In today’s increasingly digitized world, designing for digital devices is more relevant now, than ever before. In the last decade no other role in technology has seen more evolution than the Designer’s role — From being simple pixel pushers who were brought in by engineers to add aesthetics to a new shining piece of technology they had built, to becoming one of the most valuable assets in any tech company, designers have truly come a long way.
What makes the role of a digital designer even more critical is the impact these products are having on our society — just imagine when a consumer app ends up in the hands of billions of people, it starts to shape our relationships with people (Facebook, WhatsApp & Twitter), guide how we shop (Amazon, Uber & AirBnB) or influence how we consume content (Google, Pinterest & Instagram). It becomes so ingrained in our daily lives that we become dependent on it (or rather addicted to it).
So what are the qualities and components that go into designing such impactful products that create new habits and change existing behavior?
First, designers must act as problem solvers and factor in people’s behavior, preferences, context, goals and aspirations to make sure they are solving the right problem. Next for a digital product that’s more than just pleasing to the eye and wins over its users’ hearts, it has to excel in four key areas, each comprising a number of components and deliverables:
The Look (UI Design, Motion Design),
The Interface (Interaction Design, Prototyping)
The Usability (UX Design, Information Architecture, Usability Testing)
The Objective (UX Research, Prioritization, Analytics)
Whether you choose to specialize and focus on just one area, or contribute in all these roles, the journey to becoming a great designer takes time and dedication and involves designing more “processes and systems” and less “screens and graphics”.
Designers also come from very diverse backgrounds, with fewer and fewer designers emerging from actual design school (myself included). So while most design courses are a great entry point, completing a degree should just be the beginning of their journey. Training with experienced designers, reading & observing a lot, looking at other people’s work and analyzing what works and doesn’t all contribute into becoming a top designer. In addition, knowing what’s going on in digital, how one approaches solving problems and geeking out over every decision you make along the way to the final product, is way more valuable than a fancy “portfolio”.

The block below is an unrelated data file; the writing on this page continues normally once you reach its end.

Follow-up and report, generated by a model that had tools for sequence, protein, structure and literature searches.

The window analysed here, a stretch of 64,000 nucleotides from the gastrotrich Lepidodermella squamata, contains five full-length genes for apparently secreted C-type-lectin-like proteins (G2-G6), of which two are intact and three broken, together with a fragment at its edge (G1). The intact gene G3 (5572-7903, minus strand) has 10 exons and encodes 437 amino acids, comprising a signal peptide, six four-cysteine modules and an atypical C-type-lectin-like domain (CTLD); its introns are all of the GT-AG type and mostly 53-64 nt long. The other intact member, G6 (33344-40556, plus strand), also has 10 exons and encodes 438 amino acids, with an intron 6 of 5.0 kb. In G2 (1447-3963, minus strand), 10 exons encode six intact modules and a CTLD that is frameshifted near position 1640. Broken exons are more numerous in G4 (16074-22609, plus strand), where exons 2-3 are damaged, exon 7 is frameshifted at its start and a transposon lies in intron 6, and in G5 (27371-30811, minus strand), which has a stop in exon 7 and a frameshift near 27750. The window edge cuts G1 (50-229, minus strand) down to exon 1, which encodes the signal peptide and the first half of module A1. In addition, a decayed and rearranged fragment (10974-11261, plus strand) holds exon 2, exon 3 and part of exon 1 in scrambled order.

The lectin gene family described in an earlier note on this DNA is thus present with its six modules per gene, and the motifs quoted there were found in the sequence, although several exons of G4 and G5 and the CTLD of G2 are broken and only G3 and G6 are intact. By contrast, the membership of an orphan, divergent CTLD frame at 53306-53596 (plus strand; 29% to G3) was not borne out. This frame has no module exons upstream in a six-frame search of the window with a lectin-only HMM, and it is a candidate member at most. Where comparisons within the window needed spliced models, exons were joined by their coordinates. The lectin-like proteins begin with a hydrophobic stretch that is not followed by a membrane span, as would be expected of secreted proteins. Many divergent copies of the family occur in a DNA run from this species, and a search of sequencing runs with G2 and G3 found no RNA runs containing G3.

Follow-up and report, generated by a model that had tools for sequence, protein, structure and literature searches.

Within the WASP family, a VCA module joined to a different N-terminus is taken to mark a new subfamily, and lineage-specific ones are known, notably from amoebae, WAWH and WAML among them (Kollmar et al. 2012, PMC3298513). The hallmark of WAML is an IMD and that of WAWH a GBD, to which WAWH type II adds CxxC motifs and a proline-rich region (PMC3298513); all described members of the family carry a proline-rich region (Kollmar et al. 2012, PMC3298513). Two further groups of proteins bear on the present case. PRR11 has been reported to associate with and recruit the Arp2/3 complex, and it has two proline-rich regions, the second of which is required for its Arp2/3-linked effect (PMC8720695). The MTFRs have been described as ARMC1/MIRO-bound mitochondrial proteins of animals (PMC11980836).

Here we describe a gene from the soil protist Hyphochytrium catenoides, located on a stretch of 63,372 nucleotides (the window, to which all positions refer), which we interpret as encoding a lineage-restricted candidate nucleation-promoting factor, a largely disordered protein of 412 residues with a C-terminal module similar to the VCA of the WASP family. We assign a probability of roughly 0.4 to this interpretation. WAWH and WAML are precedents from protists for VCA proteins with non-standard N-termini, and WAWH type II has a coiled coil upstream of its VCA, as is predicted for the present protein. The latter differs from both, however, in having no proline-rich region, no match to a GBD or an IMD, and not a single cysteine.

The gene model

There’s another kind of designer that’s become very popular especially in the lean and dynamic startup culture of Silicon Valley — The unicorn designer. This is the rarest of designers — someone with excellent interaction design skills, visual design skills and coding ability. I can say with conviction that while unicorn designers exist, they’re few and generally can’t cover all the bases needed to design. If someone is hiring to cover that many skill sets in one person, they usually fail at building the right design team, in turn greatly jeopardizing their chances of building a great product.
But while digital designers certainly need not be coders, they cannot operate in a vacuum and need to be abreast with new technologies as they continue to emerge. As designers we play a central role in directing how people end up experiencing these new technologies; whether it is Mixed Reality, Artificial Intelligence or Voice Interaction. So being informed what a technology enables for the end user, why it matters to the experience and drive that value into the product is critical for every great digital designer.
As technology evolves, designers will also have to learn new ways to design. But the principles behind how we design an experience won’t change because great designers will always be designing for people and solving problems. Using skills involving psychology, statistics, economics, art and business, the best design teams come from diverse backgrounds and collaborate to solve this giant jigsaw puzzle of user needs, industry standards, creative ideas and business requirements to build successful products that solve real problems.
While no one can predict what new technology will emerge to shape our day-to-day lives and experiences in the future, it’s a given that the increasingly central role of the designer will continue in creating these experiences. This is the well-deserved growth we have been craving for — a seat at the table and being an important player in the chessboard. No wonder designers with the right skills and design know-how are not only some of the most sought-after talent, they are also building the next multi-billion dollar companies around the world (YouTube, Instagram, Square Space, AirBnB, Etsy, Pinterest and Kickstarter to name a new).
We are truly in one of the best times of the industry, at the intersection where the value of design, technology, and business meet. But with these increased superpowers comes increased responsibilities and as designers we need to be ready!
In the next post, we’ll start to look at the four core components of digital design, what those roles entail and what it means to excel in each of these.